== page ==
Chuang accepts floral applause (photo Chung Chen)

Then came three memorable surprises.

YFC gave a sensitive and captivating reading of CPE Bach’s Rondo in E minor, Wq 66, “Adieu à mon clavichord de Silbermann”. Pedaling lightly, YCF gave the sad rondo, in its successive returns, an unexpected eloquence because it seemed to ruminate on the loss as such, on the years that pass, on the many thresholds we cross, never to return to our steps, on the finality. And she imbued the cadence with an almost unbearable sense of finality. Wow.

YFC proposed a modernist version of Ravel’s short eight Noble and sentimental waltzes which are more generally interpreted as nostalgic. YFC turned them into a gripping series of parisian paintings or street scenes of an urban landscape. The playful (“very frank”) opening, with its boulevardier combination of bravado and cowardice, well-breathed discord and hidden threats of violence. Walz II transmitted the secret anguish of idle dreams, where meaning becomes lost, unrecoverable. Waltz III celebrated the rain, with a cup of tea shared with ghosts. Waltz IV plunged us into a “crowd bath”, a walkabout along the quays, where the most intimate solitude reappears (V) and where sparrows and pickpockets bring us back to social liveliness (VI); so we turn to a cafe and mingle with busy waiters and quarrelsome lovers who come to verbal blows (VII) before dusk and night envelop the city in its shroud, blurring the boundaries of parks and cemeteries , deserted streets and catacombs. Where are we going? Who are we?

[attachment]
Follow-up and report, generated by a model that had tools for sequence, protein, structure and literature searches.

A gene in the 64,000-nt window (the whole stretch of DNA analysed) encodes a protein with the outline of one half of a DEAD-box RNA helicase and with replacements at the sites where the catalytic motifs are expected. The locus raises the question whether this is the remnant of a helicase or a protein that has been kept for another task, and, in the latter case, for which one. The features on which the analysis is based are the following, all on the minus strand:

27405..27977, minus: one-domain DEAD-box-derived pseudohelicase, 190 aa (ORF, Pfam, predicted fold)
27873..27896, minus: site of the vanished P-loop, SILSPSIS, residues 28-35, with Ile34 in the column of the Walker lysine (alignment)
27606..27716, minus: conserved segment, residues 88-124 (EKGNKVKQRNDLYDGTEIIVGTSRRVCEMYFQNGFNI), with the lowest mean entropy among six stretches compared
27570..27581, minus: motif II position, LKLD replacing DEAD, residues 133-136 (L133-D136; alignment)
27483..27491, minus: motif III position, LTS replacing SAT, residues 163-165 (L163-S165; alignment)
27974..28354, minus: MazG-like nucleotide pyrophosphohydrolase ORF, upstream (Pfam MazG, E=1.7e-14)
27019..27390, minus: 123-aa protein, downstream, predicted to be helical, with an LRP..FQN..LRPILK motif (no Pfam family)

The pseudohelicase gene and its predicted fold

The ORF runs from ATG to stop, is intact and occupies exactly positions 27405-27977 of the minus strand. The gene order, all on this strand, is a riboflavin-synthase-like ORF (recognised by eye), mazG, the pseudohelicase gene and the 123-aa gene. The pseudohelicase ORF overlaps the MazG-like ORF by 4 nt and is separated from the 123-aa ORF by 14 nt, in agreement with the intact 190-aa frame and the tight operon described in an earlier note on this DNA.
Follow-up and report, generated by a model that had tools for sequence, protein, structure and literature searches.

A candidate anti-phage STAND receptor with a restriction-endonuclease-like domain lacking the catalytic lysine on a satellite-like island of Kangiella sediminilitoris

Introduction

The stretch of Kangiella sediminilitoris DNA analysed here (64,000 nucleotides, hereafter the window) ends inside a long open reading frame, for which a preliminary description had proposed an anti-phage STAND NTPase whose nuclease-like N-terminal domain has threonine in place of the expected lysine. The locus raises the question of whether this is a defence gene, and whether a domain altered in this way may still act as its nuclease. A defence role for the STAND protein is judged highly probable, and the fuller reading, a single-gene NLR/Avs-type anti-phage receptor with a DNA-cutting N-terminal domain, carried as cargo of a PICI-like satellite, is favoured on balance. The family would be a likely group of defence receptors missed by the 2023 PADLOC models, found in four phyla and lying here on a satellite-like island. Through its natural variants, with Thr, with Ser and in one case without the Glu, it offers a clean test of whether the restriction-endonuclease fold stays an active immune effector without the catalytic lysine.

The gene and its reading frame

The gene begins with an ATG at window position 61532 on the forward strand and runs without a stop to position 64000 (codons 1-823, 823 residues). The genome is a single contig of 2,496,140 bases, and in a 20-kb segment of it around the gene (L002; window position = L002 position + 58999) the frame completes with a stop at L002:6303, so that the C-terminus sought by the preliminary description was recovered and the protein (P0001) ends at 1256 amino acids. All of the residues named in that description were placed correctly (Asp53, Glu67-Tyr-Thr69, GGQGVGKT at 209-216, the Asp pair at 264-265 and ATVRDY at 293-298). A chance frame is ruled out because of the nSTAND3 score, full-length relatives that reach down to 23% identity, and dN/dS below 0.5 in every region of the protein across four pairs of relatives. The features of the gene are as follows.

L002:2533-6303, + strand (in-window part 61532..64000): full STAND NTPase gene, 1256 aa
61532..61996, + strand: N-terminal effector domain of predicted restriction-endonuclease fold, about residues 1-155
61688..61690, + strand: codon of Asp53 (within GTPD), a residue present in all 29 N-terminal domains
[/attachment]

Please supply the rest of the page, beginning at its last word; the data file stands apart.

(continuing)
YFC has found and conveyed a deeply personal vision of Sonata No. 2 in B-flat minor, Op. 36, in its succinct 1931 version. After a clear statement of the themes, YFC used subtle dynamics to create great intensity and concentration in the opening Allegro stirring movement, giving it the complex color of doubt, ambivalence, even as the chimes of bells vied with the thunder to take hold of a landscape that was both familiar and foreign, beloved and desolate.

In slow motion, she depicts fate through the countless pathways of patience. How it slowly fills us with its liquid power. How he reveals secrets. How it hurts. How it brings light. How it gets to us. How he remembers. How it causes turmoil, rebellion and the struggle to escape! (YFC did the trio section masterfully!) How it comes back, loyal, forgiving. How is it going there, with us. How it brings wisdom.

In the third and final movement, YFC seizes the tempo, Allegro molto, to unleash a landscape of love, strong as death. With compelling chords shot through with bursts of brilliance, she created a dialogue to convey the pure energy of love in its possessiveness and desperation, generativity and reciprocity. Its elegantly negotiated coda affirmed that love is in essence rewarded. Loss, after all, is impossible.

After receiving flowery tributes from young admirers and aspiring pianists, YFC treated us to a sweet, dreamy rest in Schumann’s Romance, Op. 28, No. 2. Like the embers of a fire that never kindles to dazzle but provides light for months and years to come, YFC has illuminated us with lasting memories.

Leon Golub is an astrophysicist at the Cambridge Center for Astrophysics and has been a lover of classical music for over 50 years.